But I would say the Colorado would be fine. These are like a slightly lighter version of an 80.
Whatever you get, make sure it's in tip top condition mechanically.
It’s just a thought, and probably not relevant, but if you are permanently importing the vehicle to where you want to run your tours there may be some issues you should check: For example here in Ghana you cannot import a RHD car and also it cannot be older than 10 years…
As to which vehicle, a 60 or 80 has to be the choice. If you buy in EU you might want to consider the 75 or 78 landcruisers, but then you have the issue of inward facing seats – which paying clients might not like – which are very short and narrow. The coil sprung 80 will of course give a totally higher level of comfort than a leaf sprung 60 series, most of which will be getting on a bit as others have said. Plenty of them knocking about in the tourist areas of WA and plenty parts around, but a 200K farm hack is for me not perhaps the best way to start a vehicle tour business. So basically that means either a really clean 60 or a good unmolested/not abused 80. Roofrack and a few jerries and you are set! What you want is a “mum’s taxi 4x4” or a car that existed only to tow a horse box or caravan. Farm vehicles are not given easy jobs – they are expected to pull stuck tractors, cart dead rabbits by the hundred weight and then be used by farmer’s son or daughter to hoon round the fields at speed. Oh and maintenance and washing costs good coin, so that will be once in year!
The Colorado/Prado is a good vehicle, but will not stand up to the abuse of tour operation day in day out (especially with local driver guide rather than owner operator at the wheel) as a heavier vehicle will. Other thoughts on the subject of running a working cruiser in WA:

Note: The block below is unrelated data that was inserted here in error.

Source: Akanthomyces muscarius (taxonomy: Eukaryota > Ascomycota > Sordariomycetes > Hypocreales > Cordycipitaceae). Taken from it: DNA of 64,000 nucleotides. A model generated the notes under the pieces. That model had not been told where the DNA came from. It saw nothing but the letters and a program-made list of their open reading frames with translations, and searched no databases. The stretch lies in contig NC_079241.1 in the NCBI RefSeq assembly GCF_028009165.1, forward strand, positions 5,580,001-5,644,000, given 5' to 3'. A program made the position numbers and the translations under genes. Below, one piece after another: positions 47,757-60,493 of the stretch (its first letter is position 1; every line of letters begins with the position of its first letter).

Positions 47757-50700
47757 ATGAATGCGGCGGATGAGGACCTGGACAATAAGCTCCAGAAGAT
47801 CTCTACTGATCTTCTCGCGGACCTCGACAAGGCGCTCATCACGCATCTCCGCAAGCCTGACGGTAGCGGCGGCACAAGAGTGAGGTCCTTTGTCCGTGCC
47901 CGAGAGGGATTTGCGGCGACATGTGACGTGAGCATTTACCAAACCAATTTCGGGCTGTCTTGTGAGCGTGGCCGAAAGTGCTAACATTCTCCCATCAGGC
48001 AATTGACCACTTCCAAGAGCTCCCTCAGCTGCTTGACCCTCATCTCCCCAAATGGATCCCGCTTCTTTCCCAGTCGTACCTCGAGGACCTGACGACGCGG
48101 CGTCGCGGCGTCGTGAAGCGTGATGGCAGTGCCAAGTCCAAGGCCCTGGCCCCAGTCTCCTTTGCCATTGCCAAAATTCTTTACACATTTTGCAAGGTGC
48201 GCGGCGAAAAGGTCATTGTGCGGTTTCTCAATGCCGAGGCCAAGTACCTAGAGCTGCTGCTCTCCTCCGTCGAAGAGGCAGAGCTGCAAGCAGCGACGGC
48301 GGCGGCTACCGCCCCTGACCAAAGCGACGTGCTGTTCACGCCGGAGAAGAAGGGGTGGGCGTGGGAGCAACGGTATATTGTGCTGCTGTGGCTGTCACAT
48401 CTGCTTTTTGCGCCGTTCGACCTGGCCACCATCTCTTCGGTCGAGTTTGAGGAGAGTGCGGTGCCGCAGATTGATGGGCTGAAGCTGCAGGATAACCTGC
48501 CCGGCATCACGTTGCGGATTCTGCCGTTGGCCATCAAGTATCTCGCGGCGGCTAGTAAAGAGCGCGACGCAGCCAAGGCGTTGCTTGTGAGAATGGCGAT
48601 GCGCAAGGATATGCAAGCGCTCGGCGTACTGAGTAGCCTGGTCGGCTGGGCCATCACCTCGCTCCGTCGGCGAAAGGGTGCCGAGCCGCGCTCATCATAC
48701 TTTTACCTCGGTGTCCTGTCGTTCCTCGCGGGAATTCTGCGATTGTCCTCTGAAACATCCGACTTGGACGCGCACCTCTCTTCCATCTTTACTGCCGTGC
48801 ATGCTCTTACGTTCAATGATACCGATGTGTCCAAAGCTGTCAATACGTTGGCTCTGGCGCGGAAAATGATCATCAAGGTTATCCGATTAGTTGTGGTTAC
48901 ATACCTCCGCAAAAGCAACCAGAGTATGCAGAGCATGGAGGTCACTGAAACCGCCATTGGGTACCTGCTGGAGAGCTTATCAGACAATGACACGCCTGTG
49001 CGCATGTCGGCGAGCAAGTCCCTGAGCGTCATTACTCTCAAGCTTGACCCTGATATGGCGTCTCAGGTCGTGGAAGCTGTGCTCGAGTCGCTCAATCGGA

- steel wheels, as nice alloys will quickly get trashed by puncture repairs/wheel changing.
-Watch the servicing… Get proper oil, proper filters (OEM or Donaldson, fleetguard, Baldwin) and watch the packaging and contents for Chinese/Nigerian rubbish posing as OEM stuff. Either do it yourself or hang around while they do it. Oil you also have to watch – quite an underground business exists of ‘cleaning’ used oil and again re-packaging and selling it!
-Working air-con would be fairly important for your clients I would imagine.
The extra litre in the 80 gives you a relatively big and reliable engine which is very well known and plenty parts available (same applies to 60 series engines, 12H-T in the turbo 60 series is often considered Toyotas best turbo diesel!).
Would be really interested in more details on your tours? And also welcome and good luck with the plan.
At home with Delhi Belly (or Accra Aches) so strictly camomile tea today!
Have used for some years a troublefree PZJ75 for taking tourists around in Africa and later South America. I find the extra space of the 75 & 78 Troopies vs the 60 or 80 a big pro.
IMO having less comfort than in a 80 Crusier is something they will have to accept. They come for adventure dont they!